Hey you, Mr Referable!

Referable? No such word.

More ‘business-speak/jargon’ from Charlie I hear you say. Although, if you’re in business then being referable is absolutely essential. Let’s look at what makes you so while understanding why the fundamentals are so vital for success …

Beginning with treating people as you may expect to be treated …

not to mention:

Are you visible?

What? It’s true, there are those out there that expect the business, that new best client to simply come ‘a knock-in’ on the door, out of the blue … just because you’re you … Nope, we need to work on the bizabilty (more jargon!) After all, there is any number of ways to be seen, some simply DIY in the world of ‘social.’

Do you know your p’s from your q’s? Yes, remember them? Those mirror images, the p and the q. We get what we give right? So let’s understand that there is mileage in good old fashioned manners, respect and etiquette. Let’s just call it p and q.

Thinking of others. Of course, it’s second nature to you, right? If we’re looking for referrals, think of those with like-minded ambitions, offer help and support and you will soon find that it’s reciprocal. Think business underdog. That was you once, right?

Doing as you say you shall? Following up. Well, that’s a no-brainer … innit? We do though, still hear of those given the opportunity who simply don’t follow-up. Isn’t it true that more business is lost through procrastination than by making the wrong decision? We know this, but still, the lack of follow-up by those who say they shall remain one of the largest obstacles to ambition.

Are you communicating? Some don’t. It’s true, they don’t call you because they assume that you are a mind reader … We’re supposed to know that there is a delay or that they’ve cancelled the meeting or the one to one. Lack of communication does not help the bizability, the reputation.

So, how is your reliability? Ask yourself this. Can we count on you?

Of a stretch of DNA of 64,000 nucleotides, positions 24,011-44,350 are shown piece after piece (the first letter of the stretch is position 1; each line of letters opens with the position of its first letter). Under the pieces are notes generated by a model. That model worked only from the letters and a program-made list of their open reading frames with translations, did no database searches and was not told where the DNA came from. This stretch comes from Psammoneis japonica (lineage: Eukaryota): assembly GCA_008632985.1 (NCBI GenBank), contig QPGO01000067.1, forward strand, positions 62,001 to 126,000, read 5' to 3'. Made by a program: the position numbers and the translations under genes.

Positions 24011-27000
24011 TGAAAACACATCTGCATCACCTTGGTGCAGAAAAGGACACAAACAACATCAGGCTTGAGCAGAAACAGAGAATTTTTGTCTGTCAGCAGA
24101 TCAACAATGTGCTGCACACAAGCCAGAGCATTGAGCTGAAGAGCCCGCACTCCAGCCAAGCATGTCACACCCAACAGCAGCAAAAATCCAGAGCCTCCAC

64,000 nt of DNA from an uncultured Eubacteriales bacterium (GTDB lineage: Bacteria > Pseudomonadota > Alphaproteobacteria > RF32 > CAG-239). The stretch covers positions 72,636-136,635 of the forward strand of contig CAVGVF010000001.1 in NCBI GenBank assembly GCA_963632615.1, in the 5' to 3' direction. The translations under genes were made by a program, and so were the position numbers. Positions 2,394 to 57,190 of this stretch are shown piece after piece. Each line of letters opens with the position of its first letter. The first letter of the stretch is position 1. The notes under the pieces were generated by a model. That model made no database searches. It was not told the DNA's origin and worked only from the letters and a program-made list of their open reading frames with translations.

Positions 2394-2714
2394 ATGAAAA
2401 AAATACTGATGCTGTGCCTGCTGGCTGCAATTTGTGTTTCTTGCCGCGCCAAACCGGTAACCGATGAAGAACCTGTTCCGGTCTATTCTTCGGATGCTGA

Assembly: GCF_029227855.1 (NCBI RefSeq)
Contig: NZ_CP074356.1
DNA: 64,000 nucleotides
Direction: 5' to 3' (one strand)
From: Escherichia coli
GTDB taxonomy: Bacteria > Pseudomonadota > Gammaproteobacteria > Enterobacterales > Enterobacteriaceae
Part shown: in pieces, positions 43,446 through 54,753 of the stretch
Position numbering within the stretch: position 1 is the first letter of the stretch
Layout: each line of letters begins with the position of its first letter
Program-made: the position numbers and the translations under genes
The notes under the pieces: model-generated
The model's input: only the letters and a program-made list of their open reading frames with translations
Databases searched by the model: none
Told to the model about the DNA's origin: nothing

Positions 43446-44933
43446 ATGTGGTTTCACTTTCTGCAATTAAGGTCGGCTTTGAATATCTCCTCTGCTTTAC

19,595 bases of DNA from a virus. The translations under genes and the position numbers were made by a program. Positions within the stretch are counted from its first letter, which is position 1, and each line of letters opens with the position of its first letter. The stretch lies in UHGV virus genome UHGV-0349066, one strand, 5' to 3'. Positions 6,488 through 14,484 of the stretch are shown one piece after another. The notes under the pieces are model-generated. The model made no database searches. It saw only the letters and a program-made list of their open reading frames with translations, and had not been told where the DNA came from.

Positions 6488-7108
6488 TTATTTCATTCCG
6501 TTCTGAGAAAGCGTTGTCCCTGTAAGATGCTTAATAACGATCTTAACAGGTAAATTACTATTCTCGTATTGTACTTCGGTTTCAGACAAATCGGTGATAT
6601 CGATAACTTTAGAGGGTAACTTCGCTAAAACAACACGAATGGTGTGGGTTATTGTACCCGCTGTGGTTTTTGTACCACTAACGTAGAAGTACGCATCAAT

This is the nugget, friends, your reliability is what makes you referable. If you are not readily visible and you don’t have the courtesy of thinking of others when the business opportunity arises … if you don’t follow up on the enquiries by communicating, then you are simply not reliable.

Unreliable = unreferable.

Meaningful emotional links ,,,

Is the lack of the emotional connection hindering your chances for successful business growth?

The ‘getting to know you’ can be tedious for some. Especially in today’s crowded business environment.

“Deadlines don’t allow for emotional tedium … do they?”

Take social media, most of us have experience of the ‘add,’ ‘like,’ the ‘share’ or the ‘follow’ … it’s all part in qualifying through social media. We feel good connecting, we become part of an on line community.

The ‘selly’ is  online isn’t it? We naturally gravitate to those we are connected to, those who share common ground, it’s a pretty straight forward engagement due to that lack of emotional connection. The commitment.

Back to the ‘real world’ now. How often do you see the uninitiated blatantly promote their goods and services to the new audience without so much as a request to meet or even participate in a knowledge swap. There is no time for the ’emo-connection.’